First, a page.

For some inexplicable reason, time is often treated differently to other units of measure when it comes to common word usage. Or, more to the point, misusage.
Listen to a news bulletin, read a paper or simply take part in an everyday conversation and you will soon encounter the redundant use of the word ‘time’. Here are some examples:
The grand-final will start in 30 minutes’ time
Parliament will resume in one hour’s time
We are going on holidays in three days’ time
The defendant will appear in court again in six weeks’ time
Even though minutes, hours, days, weeks, months and years are all units of time, it’s become commonplace to connect these units to the word ‘time’—as if there is some need to clarify that they are indeed measuring time. But what else could they be measuring?
Think of other units of measure, for example, temperature. Imagine a weather forecaster saying: “In Sydney tomorrow it will reach a high of 25 degrees’ temperature.”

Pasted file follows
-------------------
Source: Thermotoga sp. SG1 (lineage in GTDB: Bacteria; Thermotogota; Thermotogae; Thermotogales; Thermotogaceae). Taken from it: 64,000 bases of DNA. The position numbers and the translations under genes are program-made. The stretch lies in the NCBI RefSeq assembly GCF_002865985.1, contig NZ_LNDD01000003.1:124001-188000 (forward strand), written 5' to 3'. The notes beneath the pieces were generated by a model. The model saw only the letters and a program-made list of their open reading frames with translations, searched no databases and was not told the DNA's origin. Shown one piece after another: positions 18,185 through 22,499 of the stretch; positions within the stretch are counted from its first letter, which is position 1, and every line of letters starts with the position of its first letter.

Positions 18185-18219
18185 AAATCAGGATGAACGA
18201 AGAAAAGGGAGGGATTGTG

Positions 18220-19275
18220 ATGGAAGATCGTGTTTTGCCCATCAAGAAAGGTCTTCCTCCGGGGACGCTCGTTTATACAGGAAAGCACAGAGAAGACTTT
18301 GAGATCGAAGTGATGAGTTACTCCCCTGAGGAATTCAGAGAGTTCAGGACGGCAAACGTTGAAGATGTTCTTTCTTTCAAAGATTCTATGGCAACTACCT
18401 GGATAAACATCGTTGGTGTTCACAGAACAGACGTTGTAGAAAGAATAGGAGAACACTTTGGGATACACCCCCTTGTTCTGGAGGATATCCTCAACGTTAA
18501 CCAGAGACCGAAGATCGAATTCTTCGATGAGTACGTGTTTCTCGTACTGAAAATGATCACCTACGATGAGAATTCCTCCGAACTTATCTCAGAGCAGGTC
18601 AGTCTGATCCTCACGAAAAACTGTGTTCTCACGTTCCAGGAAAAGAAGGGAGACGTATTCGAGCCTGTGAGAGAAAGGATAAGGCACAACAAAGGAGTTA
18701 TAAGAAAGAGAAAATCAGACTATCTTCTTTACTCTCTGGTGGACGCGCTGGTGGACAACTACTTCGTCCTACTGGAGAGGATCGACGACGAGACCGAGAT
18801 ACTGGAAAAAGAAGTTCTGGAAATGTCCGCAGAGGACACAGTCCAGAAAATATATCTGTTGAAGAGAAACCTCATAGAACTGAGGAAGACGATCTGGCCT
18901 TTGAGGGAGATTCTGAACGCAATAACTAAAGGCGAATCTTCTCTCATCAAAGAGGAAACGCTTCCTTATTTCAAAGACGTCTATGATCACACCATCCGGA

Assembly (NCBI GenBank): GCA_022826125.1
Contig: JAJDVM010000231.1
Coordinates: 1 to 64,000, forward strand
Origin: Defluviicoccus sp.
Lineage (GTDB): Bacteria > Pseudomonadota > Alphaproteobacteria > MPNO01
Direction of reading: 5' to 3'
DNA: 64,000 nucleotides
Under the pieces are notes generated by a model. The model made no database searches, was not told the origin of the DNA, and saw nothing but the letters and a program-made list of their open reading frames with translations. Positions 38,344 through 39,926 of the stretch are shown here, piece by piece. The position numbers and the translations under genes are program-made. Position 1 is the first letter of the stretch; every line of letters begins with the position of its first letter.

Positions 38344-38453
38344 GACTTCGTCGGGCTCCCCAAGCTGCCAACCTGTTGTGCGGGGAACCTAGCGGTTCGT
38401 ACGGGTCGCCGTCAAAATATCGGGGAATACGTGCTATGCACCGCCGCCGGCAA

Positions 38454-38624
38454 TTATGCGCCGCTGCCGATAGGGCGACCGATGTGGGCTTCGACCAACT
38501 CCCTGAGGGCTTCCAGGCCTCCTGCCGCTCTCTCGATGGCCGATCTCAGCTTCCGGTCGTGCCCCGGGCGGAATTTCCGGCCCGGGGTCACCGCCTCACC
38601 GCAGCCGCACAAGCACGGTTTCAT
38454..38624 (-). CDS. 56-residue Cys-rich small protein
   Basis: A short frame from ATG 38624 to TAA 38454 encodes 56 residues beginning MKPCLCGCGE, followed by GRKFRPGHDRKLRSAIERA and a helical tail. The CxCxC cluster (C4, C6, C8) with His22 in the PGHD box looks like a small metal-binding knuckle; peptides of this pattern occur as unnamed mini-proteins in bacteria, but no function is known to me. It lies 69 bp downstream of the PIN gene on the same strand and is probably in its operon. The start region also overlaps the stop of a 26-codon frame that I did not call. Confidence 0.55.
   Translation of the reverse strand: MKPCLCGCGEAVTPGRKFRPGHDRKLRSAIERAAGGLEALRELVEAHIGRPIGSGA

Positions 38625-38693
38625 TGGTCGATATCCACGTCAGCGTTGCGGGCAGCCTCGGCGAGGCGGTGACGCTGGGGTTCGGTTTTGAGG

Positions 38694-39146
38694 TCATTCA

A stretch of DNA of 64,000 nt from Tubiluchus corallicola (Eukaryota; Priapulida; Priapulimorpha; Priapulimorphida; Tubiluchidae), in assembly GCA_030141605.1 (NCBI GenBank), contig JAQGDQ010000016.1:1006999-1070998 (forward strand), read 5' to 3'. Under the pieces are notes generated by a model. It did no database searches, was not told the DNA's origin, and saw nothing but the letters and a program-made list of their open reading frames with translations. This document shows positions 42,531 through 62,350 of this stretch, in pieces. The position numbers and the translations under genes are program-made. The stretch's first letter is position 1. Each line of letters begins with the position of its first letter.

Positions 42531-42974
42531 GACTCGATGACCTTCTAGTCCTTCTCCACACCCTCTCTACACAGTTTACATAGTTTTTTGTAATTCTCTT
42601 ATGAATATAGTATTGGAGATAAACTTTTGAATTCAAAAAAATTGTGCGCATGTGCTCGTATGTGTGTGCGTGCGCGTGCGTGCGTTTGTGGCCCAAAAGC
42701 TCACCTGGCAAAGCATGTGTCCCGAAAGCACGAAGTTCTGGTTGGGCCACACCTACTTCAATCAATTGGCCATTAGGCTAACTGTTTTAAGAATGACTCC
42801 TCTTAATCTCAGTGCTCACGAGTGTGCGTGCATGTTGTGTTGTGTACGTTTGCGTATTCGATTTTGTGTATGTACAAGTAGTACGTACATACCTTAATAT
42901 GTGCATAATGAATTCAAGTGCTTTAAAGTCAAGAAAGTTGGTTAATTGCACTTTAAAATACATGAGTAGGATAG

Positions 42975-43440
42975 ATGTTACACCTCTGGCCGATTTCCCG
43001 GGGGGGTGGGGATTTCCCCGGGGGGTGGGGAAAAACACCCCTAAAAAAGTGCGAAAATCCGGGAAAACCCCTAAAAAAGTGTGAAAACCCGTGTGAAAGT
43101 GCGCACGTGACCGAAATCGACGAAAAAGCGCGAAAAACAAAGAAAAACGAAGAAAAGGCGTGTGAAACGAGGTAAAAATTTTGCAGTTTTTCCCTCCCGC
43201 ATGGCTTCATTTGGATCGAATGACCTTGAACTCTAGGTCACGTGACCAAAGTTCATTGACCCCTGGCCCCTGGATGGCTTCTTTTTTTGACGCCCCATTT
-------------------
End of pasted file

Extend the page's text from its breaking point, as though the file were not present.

Or consider distance. Imagine a motor racing commentator saying: “There’s one lap to go in this year’s Bathurst 1000, just 6.2 kilometres’ distance to the finish line.”
Have you ever seen a real estate advertisement for a house on “a quarter-acre area block”? Ever heard anyone say they weigh 90 kilograms’ mass? When was the last time you bought a two-litre volume bottle of milk?
We recognise units of measure for what they are—so there is no need to qualify what they are measuring. But somehow, when it comes to time, usage is evolving in a way that assumes people can’t recognise minutes, days, weeks, months or years as being measures of time. I’m not sure why.